8 Questions With A 21-Year-Old: Charles Tong

Questions With a Millennial

We're back with our "Questions With a Millennial" feature to provide you with insights on Gen Y straight from the source. Today we chatted with Charles Tong, a 21-year-old college senior.

What’s one hobby that you’re really into right now?

Recently, I’ve discovered board gaming, and I have completely fallen in love with it. I hadn’t realized there were a ton of board games outside of Monopoly and Risk. These are very social games that involve a bit of luck and a lot of social interaction. Currently, I’ve been playing Pandemic, which has you and three other players try to solve a global disease. I’ve also been playing a ton of Battlestar Galactica, which can be best summed up as a crisis management game, while a few of your friends are secretly trying to make your life miserable. I discovered this hobby when my friend showed me the game Settlers of Catan, where you attempt to build the biggest colony on the island of Catan, and I fell in love immediately. The social aspect of these games make them very appealing, and have actually become a nice relaxing way to spend a night with friends.

What are 5 things you couldn’t live without?

1. Internet
2. Music
3. Friends
4. Books
5. Food

What are your favorite TV shows right now?

“A Game of Thrones,” “Doctor Who,” “The Wire,” and “The Legend of Korra”Charles

What about your favorite artists?

Ride, Bon Iver, Slowdive, Bjork, Passion Pit, Purity Ring, DeVotchKa, Spiritualized, M83, Neon Indian, Phoenix, Beach House, The XX, Wilco

What’s your preferred social network these days and why?

I use Facebook for personal usage. Everyone uses it already, and it allows me to manage many different networks easily and its built in messenger has become a de facto replacement for AIM. I also enjoy reddit because it easily connects me to…

 
 
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Millennial News Feed

Quote of the Day: “I put off/dread calling people in general. Everything should be done online by this time!” –Female, 30, FL 

In a continued effort to draw back the teen consumers they’ve lost, Abercrombie & Fitch’s logo will “be dead” in U.S. stores by 2015. Globally, the Abercrombie and Hollister logos and names will still be used on designs, but will be phased out here where the brand knows it is no longer considered a status symbol. Abercrombie’s sales continue to fall, and the retailer is making efforts to appeal to a different youth mentality by removing references to “Ivy League heritage,” making the brand “totally accessible,” and toning down the club-like atmosphere in-store. (BuzzFeed)

Following heartbreaking stories of the death of toddlers forgotten by their parents in hot cars, automakers made claims that they would be working on new technology to help prevent the tragedies. But years later that technology has not been produced, so parents and teens are developing it instead. Independent entrepreneurs are working on a slew of solutions for baby on board tech that would stop hot-car deaths, including car seat sensors, smartphone apps, and low-tech solutions. Many are seeking backing on crowdfunding sites to make their products a reality. (Washington Post)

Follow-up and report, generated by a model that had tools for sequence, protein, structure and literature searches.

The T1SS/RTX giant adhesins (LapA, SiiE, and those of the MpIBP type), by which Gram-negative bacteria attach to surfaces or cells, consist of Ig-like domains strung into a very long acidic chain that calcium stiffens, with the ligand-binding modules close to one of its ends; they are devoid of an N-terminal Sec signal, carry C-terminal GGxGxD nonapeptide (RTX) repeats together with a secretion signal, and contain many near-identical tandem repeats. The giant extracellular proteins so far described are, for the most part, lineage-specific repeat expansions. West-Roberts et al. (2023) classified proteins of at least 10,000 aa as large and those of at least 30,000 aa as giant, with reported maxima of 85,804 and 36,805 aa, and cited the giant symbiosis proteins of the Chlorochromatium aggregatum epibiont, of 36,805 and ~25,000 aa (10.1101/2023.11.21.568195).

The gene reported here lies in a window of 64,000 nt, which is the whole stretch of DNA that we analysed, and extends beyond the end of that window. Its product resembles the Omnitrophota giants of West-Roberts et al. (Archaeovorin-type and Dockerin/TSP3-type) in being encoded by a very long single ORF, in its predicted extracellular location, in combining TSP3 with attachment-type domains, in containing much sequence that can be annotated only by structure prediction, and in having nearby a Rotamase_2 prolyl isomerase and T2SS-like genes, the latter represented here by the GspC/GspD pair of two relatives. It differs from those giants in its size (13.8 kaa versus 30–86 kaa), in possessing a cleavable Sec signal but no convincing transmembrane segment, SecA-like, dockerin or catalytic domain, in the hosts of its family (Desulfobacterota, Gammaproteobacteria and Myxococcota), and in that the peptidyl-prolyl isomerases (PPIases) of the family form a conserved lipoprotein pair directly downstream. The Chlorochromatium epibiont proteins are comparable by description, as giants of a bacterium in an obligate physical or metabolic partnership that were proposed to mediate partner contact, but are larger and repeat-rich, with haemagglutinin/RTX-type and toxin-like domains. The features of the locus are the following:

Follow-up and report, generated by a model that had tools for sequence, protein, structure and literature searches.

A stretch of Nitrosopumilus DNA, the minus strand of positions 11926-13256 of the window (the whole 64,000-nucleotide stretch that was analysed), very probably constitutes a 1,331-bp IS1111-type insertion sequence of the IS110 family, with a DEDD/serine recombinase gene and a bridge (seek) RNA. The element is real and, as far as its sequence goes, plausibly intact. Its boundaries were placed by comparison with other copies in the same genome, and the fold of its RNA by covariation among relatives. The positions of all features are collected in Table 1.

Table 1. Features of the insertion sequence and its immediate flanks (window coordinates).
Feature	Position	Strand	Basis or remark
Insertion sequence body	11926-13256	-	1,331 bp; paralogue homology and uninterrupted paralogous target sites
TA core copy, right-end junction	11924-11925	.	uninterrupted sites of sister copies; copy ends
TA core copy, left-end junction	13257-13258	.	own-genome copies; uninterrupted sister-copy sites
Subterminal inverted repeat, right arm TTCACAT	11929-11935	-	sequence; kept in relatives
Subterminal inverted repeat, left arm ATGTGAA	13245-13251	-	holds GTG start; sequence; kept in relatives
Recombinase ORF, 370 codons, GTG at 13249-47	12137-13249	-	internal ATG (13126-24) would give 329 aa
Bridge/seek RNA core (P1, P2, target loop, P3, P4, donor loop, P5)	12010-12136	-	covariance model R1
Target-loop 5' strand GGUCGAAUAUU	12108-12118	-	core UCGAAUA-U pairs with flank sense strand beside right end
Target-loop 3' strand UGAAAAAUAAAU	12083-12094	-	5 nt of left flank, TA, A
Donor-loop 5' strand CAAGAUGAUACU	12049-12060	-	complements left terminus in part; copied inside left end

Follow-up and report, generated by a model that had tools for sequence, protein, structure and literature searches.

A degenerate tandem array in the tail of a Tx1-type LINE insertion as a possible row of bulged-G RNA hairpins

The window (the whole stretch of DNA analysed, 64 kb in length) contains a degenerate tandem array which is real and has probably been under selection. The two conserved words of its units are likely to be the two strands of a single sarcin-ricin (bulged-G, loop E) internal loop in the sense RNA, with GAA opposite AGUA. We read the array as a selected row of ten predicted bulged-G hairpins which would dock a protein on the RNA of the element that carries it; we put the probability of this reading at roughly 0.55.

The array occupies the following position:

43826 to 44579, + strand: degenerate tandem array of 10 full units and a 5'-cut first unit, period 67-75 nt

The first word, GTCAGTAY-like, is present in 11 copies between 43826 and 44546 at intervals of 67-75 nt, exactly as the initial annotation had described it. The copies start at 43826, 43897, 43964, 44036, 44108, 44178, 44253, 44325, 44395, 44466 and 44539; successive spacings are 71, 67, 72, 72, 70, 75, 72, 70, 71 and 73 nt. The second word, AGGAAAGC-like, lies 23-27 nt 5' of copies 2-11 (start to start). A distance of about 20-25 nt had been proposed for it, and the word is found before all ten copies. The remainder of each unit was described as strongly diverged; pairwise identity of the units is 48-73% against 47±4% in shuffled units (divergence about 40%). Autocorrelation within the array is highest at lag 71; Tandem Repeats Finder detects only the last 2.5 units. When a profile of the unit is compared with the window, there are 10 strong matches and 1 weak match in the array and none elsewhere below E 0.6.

Ck one was an iconic ‘90s product, but the brand has kept up with the youth market in order to stay relevant with a new generation. The fragrance, celebrating its 20th anniversary this year, relies on social media platforms, including Snapchat andTumblr, to attract Millennials and stay engaged. When creating their latest TV ad, they invited all participating talent to take behind-the-scenes pictures, selfies, and video, which were then used to “seed” the new campaign on social. The Snapchat campaign has “seen more than 1 million views in just a month and a half.” (Mediapost)

Just a few years ago, Hollywood was incredulous that YouTube was anything more than a collection of amateur vloggers, and certainly most didn’t believe that it would change the traditional entertainment world. But now, YouTube has become a “Hollywood hit factory” for teen entertainment. Smaller companies that realized the platform’s potential early have grown massively, big studios are snapping up YouTube studios to get in on the action, and programming is in the midst of  “rapid consolidation.” Our social media trend tracker shows that as of March 2014, YouTube has become the number one platform teens use, with 89% telling us they use the video site compared to 80% who say they use Facebook. (Businessweek)

Earlier this summer, a report that fewer teens were interested in getting summer jobs than ever before had older generations rolling their eyes at the slacker youth who “don’t want to work.” But new research indicates that it might not just be that lazy kids these days want to spend their summers taking selfies: It could be that teen jobs don’t pay off the way they used to. Millennials with summer jobs don’t see the future wage increase that teens in the ‘70s and ‘80s did. (Vox

Every day we deliver Millennial insights to your inbox, but every quarter, we look at some of the larger trends happening within the generation—and why they matter to brands. Our Gold subscribers have access to the Ypulse Quarterly report, an in-the-know guide to Millennials that synthesizes the major trends and stats we’ve seen over the last quarter of the year. We take a close look at the "why behind the what" and provide in-action examples and supportive data, along with implications for you to take away. (Ypulse)

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